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Auto blogWed, 19 Nov 2014 15:45:00 EST
Honda's extended tease for the 2016 HR-V compact crossover is finally over. The CUV debuted in Japan late, last year, and the company has trotted various versions to shows around the world since then. The time has finally come for all of the details about the US version to be revealed at this year's Los Angeles Auto Show.
Honda has been keeping the HR-V's powertrain a closely guarded secret - until now. All of them get a 1.8-liter four-cylinder that makes 138 horsepower and 127 pound-feet of torque with the choice of either a six-speed manual or CVT. Either front- or all-wheel drive is available, but the six-speed is only available on front-driving models.
Based on the same platform as the Fit, the HR-V actually doesn't seem to share much with its smaller sibling in terms of looks and instead borrows more cues from its big brother - the latest 2015 CR-V. Bits of Honda's larger crossover peek out in the grille and roof shape, but the HR-V reinterprets the design in its own funky way. Hiding the rear door handles near the rear pillar is an especially clever touch. The compact's wheelbase is 102.8 inches, just 0.3 inches shorter than its larger sibling. However, overall length for the new model is 169.1 inches, about 10 inches shorter than the CR-V.
We've seen it teased, caught it testing, hell, we've even driven the thing, but until just now, we hadn't been privy to the visual drama that is the all-new Honda Civic Type R Concept. Thankfully, the day before the start of the Geneva Motor Show is about as leaky as Robert Redford's sailboat.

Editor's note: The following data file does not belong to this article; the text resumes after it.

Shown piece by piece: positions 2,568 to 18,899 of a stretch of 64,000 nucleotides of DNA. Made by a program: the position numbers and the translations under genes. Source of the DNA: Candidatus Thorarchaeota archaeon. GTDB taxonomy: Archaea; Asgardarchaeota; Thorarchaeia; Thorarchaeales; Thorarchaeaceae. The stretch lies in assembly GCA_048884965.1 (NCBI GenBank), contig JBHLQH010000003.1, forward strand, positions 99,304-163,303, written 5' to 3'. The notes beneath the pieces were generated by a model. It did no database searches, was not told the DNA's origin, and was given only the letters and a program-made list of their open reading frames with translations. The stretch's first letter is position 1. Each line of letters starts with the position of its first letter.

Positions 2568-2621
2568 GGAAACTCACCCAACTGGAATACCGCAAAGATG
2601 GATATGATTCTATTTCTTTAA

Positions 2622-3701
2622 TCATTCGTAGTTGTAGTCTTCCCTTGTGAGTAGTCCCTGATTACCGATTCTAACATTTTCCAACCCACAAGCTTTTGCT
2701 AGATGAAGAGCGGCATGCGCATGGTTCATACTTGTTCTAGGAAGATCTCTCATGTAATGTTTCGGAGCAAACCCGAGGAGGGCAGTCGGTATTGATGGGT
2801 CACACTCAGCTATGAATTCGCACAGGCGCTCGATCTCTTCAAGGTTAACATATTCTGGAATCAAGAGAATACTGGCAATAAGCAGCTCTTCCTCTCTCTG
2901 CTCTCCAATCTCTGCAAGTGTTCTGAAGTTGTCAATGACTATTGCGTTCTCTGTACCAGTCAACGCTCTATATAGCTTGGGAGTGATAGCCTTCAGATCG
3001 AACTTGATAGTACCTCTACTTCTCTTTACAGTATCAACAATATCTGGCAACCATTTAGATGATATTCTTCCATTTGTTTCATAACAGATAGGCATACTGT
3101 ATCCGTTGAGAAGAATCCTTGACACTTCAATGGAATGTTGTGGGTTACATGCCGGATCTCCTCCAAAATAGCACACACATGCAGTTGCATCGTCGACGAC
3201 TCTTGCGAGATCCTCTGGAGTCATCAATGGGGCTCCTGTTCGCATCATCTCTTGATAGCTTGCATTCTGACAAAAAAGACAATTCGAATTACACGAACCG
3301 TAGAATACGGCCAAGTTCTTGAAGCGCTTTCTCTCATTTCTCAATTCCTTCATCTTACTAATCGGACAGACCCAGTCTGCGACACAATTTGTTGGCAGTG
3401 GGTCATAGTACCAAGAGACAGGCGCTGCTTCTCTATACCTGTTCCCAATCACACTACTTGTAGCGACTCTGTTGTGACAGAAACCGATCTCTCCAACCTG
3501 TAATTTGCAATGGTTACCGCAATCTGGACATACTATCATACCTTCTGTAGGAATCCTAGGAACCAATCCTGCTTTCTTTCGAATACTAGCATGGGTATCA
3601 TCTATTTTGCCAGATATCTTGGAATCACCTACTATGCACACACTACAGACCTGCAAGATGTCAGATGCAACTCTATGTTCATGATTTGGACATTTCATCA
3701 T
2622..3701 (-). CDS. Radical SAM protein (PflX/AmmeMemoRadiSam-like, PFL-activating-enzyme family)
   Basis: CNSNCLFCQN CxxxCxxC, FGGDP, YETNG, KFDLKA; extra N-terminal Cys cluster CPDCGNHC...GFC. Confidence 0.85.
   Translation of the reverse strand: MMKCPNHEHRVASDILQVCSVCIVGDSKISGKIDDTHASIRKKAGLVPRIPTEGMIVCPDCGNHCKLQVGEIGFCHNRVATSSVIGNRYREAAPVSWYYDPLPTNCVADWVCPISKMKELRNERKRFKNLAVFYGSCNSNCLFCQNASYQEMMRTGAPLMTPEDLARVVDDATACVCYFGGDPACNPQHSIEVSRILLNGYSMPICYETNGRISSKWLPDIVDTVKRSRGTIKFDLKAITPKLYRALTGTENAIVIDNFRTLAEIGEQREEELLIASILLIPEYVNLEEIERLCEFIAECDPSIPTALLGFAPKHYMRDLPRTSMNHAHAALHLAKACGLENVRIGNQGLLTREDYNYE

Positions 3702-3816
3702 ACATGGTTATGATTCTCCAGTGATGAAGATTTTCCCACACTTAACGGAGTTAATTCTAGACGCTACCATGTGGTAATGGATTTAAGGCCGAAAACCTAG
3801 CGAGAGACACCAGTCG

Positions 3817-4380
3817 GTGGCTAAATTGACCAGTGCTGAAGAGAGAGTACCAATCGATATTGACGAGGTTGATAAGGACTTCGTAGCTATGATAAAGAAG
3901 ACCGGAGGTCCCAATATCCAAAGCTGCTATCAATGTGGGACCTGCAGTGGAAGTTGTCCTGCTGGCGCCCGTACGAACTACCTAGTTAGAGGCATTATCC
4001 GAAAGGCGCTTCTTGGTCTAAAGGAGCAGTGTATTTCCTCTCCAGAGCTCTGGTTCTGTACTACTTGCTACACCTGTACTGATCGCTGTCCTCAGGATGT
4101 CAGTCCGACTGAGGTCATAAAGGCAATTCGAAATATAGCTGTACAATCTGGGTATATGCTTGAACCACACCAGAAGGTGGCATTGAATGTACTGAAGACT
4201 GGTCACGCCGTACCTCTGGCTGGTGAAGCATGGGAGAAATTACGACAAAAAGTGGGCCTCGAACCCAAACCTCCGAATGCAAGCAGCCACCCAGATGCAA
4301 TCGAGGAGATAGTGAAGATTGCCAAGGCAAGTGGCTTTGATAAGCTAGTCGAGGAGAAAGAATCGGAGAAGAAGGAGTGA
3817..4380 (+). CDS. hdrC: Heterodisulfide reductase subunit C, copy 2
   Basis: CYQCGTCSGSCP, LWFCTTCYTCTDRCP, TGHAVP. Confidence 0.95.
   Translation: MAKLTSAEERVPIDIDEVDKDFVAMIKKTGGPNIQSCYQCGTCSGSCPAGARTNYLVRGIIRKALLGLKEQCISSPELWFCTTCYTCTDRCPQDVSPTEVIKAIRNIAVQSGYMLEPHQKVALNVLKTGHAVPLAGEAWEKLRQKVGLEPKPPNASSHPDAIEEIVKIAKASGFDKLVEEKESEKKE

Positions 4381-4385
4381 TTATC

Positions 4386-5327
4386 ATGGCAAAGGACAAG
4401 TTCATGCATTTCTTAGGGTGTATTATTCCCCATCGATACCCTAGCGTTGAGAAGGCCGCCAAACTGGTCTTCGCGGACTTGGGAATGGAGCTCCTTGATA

We'll get the full details tomorrow - which may even include a discourse on Honda's 2.0-liter turbocharged engine that will make upwards of 280 horsepower and propel the car to Nürburgring-record-braking velocities. After all, the "Concept" portion of most Honda concept cars is generally lip-service only.
In fact, save for those blacked out windows and, perhaps, a couple millimeters of ride height and those extra-aggro wheels, we pretty much expect the production Type R to look like the beast you see here. Certainly the swooping form and 'roided wheel arches suit the boy-racer persona of the Civic very well; we wouldn't even put it past Honda's funky European arm to sell the final product with some version of that bi-plane wing.
Plenty of automakers have backgrounds in aircraft manufacturing. BMW, Bristol, Mitsubishi, Saab and Spyker all started out in the airplane business. But Honda is going the opposite direction, expanding its automotive (not to mention motorcycle, ATV, marine engine and power equipment) business with the launch of the HondaJet. And that project has just taken a big step forward.
After starting production a year and a half ago, the Japanese industrial giant recently completed its first customer HondaJet, and has now taken that initial production aircraft to the skies for its landmark first flight. The aircraft left the production facility in Greensboro and took off on Friday morning from Piedmont Triad International Airport in North Carolina - the same state where the Wright Brothers undertook their first flight over a century ago.
The HondaJet undertook an 84-minute test flight, climbing to 15,500 feet and reaching a speed of 348 knots. That works out to 400 miles per hour - assuredly faster than any Honda (save for maybe a prototype for the same aircraft) has traveled before. The aircraft is designed to cruise at a maximum of 420 knots (483 mph) and reach a maximum altitude of 43,000 feet.